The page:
Yet Another Take on Software Developer Archetypes
In this post we take a lighthearted look at some different types of developers. Which one best matches your personality?
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If you search for Software Developer Archetypes you'll find a large number of perspectives on this ranging from serious and helpful to lighthearted to frankly kinda mean. I'm going to give a lighthearted example of core Archetypes I find when dealing with software developers.
These developers are happy to jump between frameworks, languages, and design patterns willy-nilly, and will be running 1,000 miles per hour toward a "Haskell event processing framework to render static HTML files" and after 3 weeks/months, suddenly pivot, turn 135 degrees, and implement the remaining 10% (which will only take a couple days) in Ruby on Rails. By the end of a project, there are so many frameworks, dead ends, and partially done solutions that no matter what the original design was their immediate solution to all problems is to "rewrite it in...something else."
These are almost diametrically opposed to squirrels, they often know "one thing" (though not always), but the defining feature is that it takes 3 weeks to implement "Hello World" in a language explicitly designed to produce "Hello World" apps. You can immediately spot these folks because the "remaining estimate" tends to either stay at "two weeks" (or some other random time amount), or you have to pad their estimates by the factorial of their original one.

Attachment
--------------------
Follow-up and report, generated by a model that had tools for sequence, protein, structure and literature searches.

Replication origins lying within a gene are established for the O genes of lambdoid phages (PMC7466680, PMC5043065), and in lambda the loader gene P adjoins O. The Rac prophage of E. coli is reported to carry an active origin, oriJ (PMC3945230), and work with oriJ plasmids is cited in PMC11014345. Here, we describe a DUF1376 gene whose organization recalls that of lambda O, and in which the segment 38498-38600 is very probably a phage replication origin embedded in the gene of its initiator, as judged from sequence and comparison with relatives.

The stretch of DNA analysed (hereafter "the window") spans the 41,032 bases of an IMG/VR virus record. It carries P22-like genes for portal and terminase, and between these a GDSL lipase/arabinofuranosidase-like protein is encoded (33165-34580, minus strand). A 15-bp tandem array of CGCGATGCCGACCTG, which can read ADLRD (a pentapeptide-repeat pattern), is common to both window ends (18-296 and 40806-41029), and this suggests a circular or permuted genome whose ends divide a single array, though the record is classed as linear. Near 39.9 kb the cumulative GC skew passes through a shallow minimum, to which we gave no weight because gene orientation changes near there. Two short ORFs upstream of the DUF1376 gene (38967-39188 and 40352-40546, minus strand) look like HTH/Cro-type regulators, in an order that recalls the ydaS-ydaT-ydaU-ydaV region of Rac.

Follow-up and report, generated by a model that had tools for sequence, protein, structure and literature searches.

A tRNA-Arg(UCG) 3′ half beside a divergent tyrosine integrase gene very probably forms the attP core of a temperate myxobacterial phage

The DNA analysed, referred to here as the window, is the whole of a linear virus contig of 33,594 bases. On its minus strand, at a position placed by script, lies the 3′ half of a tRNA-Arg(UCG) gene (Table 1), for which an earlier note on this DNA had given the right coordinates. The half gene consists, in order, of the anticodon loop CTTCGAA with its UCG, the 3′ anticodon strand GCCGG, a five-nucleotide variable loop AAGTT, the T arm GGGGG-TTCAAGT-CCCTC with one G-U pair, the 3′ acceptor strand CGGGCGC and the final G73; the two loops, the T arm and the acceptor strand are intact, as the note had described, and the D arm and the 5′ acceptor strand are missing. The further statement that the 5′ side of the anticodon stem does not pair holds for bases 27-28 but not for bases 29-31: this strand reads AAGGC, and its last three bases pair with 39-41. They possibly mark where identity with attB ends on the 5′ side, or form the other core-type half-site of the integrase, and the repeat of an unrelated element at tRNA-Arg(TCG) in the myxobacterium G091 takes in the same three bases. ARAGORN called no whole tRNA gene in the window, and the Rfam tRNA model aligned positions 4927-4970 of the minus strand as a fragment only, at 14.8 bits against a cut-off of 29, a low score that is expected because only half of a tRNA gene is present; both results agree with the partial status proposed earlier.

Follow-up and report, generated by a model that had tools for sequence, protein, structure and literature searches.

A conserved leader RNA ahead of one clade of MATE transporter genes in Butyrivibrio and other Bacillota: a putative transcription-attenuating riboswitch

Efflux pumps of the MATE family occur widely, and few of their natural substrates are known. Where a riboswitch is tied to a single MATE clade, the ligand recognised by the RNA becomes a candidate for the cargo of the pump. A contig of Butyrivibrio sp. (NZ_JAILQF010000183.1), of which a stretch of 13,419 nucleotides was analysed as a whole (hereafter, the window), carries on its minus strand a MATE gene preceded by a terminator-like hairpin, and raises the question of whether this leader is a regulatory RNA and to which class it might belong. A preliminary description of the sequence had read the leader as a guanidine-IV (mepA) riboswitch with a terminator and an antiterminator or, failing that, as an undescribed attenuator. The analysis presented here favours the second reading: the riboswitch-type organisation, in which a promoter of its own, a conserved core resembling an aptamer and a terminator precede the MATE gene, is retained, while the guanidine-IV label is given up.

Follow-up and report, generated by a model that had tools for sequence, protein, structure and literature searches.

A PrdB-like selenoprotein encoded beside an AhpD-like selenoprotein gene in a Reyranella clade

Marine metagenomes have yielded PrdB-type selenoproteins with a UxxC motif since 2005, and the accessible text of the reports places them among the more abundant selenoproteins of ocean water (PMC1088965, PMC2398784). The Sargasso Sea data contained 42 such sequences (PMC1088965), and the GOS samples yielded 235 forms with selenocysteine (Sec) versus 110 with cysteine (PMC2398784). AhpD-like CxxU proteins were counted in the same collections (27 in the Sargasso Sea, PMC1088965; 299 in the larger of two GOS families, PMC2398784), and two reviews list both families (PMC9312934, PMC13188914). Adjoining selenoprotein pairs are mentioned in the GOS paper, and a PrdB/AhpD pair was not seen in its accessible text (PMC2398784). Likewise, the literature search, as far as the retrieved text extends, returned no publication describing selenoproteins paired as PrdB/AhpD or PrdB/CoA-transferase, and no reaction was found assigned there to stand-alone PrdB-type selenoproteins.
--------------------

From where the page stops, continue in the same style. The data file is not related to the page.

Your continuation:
These developers are a middle ground in velocity and direction change between the first two, but are characterized by always having a "go to solution." If they're a "Java developer," coding something in Groovy will "blow their mind" and they'll insist this new arcane "dynamic mumbo jumbo" is completely useless. They are often religious defenders of "their way of doing things" and often have "anything you can do in 'A' I can do (maybe better, maybe not) in 'B.'"
The Duck-Billed Platypus
While interesting creatures, these developers are easily spotted when you look at their code and you spend most of the time scratching your head thinking, "WTF?" They are often adept at stringing together inappropriate design patterns and tools to produce solutions that just don't make sense from any reasonable perspective. At the end of the day, their code may "work," but it is a nonsensical assortment of odd parts glued together seemingly ad-hoc.
Published at DZone with permission of Michael Mainguy, DZone MVB. See the original article here.
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